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No evidence Nigerian presidency agreed to the secession of the south-eastern region

IN SHORT: Biafra agitation continues years after a failed attempt to secede from the eastern part of Nigeria. But claims that the country has asked the region to leave are false.

Several posts on Facebook claim that the Nigerian government has agreed to allow the south-eastern states to secede, but will retain the south-south.

One of the posts reads: “TINUBU ASK BIAFRA TO GO FOR PEACE TO REIGN: The heat of Biafra hits presidency so hard that as a matter of urgency speaks on Biafra freedom … ”

It includes a screenshot of an article with the logo of the Punch, attributing the claim to the Nigerian newspaper. The headline in the screenshot reads: “Presidency speak on Biafra, we can’t give out south south, if the 5 south eastern state want to go they are free.” 

A picture of the Nigerian Senate in session can also be seen in the screenshot. 

The southeast is made up of Abia, Anambra, Ebonyi, Enugu and Imo states, while Akwa Ibom, Bayelsa, Cross River, Delta, Edo and Rivers states make up the south-south region. 

Nigeria produces most of its oil in the south-south region and is therefore important to the country’s economy. 

The eastern region attempted to secede from Nigeria in 1967 as the Republic of Biafra, but was reintegrated after a bloody 30-month civil war that ended in January 1970.

In recent years, a secessionist group called the Indigenous People of Biafra, or Ipob, has been agitating for the restoration of Biafra. However, Ipob was banned in September 2017 after being declared a terrorist group by the Nigerian government.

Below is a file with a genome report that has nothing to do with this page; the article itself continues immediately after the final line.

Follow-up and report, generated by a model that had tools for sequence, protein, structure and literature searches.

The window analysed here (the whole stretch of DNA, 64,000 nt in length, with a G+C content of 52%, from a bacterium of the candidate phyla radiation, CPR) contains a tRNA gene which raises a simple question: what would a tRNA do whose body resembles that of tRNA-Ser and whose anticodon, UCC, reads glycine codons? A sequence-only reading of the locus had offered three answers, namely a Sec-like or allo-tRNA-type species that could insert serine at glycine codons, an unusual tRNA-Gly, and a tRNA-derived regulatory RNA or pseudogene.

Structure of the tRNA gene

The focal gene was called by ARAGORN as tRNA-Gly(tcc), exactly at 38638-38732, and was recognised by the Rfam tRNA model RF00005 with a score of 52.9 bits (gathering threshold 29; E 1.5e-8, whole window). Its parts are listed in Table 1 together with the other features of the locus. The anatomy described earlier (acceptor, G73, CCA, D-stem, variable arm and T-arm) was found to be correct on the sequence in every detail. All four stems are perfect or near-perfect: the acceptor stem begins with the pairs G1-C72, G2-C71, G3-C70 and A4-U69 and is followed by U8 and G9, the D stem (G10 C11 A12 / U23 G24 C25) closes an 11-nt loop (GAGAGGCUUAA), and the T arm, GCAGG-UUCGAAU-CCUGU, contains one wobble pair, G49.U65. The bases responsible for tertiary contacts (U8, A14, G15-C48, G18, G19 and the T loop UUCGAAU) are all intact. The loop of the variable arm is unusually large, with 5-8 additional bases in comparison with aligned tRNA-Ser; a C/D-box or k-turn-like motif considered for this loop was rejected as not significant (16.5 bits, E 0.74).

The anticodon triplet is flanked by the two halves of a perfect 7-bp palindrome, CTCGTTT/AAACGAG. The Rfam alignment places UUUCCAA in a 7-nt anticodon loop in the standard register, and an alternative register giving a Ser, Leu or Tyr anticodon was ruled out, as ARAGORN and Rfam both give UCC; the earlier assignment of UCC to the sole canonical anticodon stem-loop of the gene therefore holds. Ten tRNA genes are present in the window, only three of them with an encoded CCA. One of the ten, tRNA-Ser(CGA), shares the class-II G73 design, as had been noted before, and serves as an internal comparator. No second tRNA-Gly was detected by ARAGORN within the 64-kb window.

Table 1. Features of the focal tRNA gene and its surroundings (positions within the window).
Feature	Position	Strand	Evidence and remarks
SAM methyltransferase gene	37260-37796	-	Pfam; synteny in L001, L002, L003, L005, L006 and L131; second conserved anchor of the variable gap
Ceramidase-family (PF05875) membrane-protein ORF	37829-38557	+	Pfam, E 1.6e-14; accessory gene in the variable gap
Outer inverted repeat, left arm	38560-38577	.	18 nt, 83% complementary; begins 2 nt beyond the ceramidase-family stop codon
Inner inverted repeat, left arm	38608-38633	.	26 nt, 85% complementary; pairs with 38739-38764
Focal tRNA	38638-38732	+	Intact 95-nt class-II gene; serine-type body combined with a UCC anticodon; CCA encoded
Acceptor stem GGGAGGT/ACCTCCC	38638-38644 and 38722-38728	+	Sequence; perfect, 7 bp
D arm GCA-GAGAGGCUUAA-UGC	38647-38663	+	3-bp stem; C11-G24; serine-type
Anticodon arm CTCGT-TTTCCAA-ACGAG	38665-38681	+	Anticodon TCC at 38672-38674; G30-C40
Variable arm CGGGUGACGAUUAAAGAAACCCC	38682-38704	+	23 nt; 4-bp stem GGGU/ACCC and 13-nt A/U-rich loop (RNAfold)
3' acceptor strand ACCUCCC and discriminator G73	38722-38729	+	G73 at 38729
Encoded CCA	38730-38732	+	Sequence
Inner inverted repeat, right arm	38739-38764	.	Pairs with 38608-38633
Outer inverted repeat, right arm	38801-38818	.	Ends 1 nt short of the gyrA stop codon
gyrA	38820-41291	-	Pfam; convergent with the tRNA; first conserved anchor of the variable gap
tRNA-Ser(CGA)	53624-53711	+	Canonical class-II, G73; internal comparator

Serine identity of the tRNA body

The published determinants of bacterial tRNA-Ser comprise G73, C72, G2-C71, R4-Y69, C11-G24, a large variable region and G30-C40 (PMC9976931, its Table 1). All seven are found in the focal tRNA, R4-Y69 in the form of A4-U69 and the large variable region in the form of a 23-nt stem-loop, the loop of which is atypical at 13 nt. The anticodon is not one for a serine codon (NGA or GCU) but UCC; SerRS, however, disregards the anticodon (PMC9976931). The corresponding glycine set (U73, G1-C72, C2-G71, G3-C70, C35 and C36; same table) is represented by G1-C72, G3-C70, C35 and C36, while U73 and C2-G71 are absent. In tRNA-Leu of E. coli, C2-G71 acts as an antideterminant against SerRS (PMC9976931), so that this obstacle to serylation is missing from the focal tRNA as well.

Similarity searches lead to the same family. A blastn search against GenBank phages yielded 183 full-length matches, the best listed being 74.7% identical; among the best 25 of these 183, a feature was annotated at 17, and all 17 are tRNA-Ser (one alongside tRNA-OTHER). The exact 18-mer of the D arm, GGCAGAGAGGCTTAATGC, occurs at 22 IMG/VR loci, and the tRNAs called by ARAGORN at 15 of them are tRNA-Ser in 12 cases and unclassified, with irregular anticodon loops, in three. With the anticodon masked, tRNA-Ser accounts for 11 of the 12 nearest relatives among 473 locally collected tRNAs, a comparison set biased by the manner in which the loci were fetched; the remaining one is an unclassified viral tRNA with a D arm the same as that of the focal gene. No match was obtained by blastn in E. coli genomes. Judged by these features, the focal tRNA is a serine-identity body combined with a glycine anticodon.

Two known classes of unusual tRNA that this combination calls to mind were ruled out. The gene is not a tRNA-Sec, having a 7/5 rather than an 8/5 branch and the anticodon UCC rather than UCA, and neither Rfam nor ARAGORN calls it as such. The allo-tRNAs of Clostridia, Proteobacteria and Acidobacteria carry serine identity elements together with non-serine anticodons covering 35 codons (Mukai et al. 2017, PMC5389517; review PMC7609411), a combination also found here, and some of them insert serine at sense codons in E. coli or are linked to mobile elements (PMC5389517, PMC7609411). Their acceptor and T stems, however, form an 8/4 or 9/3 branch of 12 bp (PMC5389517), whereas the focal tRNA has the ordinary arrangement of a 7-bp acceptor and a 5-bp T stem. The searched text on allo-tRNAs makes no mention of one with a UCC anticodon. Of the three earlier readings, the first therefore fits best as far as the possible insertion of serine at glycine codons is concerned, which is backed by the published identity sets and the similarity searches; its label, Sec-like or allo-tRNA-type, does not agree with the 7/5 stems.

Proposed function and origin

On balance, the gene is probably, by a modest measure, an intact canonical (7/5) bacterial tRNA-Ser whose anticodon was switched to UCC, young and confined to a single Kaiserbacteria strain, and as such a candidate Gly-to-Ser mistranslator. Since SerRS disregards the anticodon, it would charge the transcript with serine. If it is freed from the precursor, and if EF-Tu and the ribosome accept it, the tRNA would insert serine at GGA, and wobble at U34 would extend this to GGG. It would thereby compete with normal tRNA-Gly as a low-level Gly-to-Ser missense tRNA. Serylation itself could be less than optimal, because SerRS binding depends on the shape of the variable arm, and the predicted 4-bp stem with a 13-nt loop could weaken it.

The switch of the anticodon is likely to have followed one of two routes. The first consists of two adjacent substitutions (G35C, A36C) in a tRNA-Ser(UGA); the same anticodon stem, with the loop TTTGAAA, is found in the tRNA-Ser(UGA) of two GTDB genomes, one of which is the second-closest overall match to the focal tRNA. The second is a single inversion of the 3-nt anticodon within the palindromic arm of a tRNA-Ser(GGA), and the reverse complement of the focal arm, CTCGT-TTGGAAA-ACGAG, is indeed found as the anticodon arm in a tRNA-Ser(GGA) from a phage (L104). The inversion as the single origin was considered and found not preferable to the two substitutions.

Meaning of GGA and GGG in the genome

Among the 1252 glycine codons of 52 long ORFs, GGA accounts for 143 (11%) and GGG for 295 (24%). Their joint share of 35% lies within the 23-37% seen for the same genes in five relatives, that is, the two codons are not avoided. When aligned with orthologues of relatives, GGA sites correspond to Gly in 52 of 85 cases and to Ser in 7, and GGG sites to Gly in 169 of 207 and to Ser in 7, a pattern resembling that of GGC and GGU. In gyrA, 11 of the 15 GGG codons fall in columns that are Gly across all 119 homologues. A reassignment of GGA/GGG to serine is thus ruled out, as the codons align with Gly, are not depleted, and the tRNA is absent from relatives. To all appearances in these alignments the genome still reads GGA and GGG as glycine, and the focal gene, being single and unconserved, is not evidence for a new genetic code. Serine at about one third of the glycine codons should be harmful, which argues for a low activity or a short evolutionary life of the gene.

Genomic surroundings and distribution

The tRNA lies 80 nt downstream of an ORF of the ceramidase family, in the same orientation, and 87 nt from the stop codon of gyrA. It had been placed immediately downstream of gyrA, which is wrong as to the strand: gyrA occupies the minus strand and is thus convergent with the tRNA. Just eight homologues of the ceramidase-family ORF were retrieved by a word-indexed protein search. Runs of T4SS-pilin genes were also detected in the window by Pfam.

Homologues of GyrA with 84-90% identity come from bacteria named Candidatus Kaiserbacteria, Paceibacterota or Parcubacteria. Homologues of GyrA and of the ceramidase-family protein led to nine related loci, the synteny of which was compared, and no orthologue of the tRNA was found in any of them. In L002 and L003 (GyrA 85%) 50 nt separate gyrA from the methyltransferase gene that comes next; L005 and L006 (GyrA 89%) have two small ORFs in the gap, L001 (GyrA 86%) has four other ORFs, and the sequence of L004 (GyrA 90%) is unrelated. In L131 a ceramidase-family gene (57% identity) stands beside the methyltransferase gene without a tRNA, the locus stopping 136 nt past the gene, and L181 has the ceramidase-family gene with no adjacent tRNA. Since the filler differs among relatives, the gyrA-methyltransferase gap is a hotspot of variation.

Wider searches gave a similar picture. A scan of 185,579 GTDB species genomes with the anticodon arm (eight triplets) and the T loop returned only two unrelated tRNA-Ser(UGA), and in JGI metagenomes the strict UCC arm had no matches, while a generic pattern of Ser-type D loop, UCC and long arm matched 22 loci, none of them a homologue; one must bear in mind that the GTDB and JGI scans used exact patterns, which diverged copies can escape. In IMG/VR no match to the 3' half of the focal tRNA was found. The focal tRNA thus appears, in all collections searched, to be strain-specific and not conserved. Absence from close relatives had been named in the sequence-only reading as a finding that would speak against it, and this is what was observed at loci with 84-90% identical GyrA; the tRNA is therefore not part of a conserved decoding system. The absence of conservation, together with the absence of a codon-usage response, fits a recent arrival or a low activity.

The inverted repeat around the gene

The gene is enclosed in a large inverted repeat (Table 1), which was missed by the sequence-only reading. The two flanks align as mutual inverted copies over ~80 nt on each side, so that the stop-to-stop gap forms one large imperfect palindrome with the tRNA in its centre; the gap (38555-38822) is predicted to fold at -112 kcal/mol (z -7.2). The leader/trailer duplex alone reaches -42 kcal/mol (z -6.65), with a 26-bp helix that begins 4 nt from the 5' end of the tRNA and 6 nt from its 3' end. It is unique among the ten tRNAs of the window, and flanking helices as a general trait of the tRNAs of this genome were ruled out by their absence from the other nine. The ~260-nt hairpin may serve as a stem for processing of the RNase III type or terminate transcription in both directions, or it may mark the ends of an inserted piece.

Ipob leader Nnamdi Kanu has been detained by the Nigerian government on a range of charges, including terrorism. He remains in prison despite being acquitted by a court in October 2022.

But has the Nigerian government agreed to let its south-eastern region secede? We checked.


No evidence Nigerian government agreed to this

A Google reverse image search of the screenshot in the Facebook post led us to an article in the Punch, headlined: “2027: Bill seeks to bar N’West, S’West, S’South from presidential election.” 

A search of the newspaper’s website and X (formerly Twitter) account found no evidence that it published the headline attributed to it in the Facebook posts.

Similarly, we found no evidence of such a statement on Nigeria’s information ministry website and social media handles. 

Such a development would have made local and international headlines if it were true. But we found no report of it.

The only news of a bill passed by the Nigerian Senate in early 2024 relates to a commission to manage infrastructure development, including the construction and rehabilitation of roads, houses and other infrastructure in the southeast.

There is no evidence that the government has agreed to allow the south-eastern states to secede.

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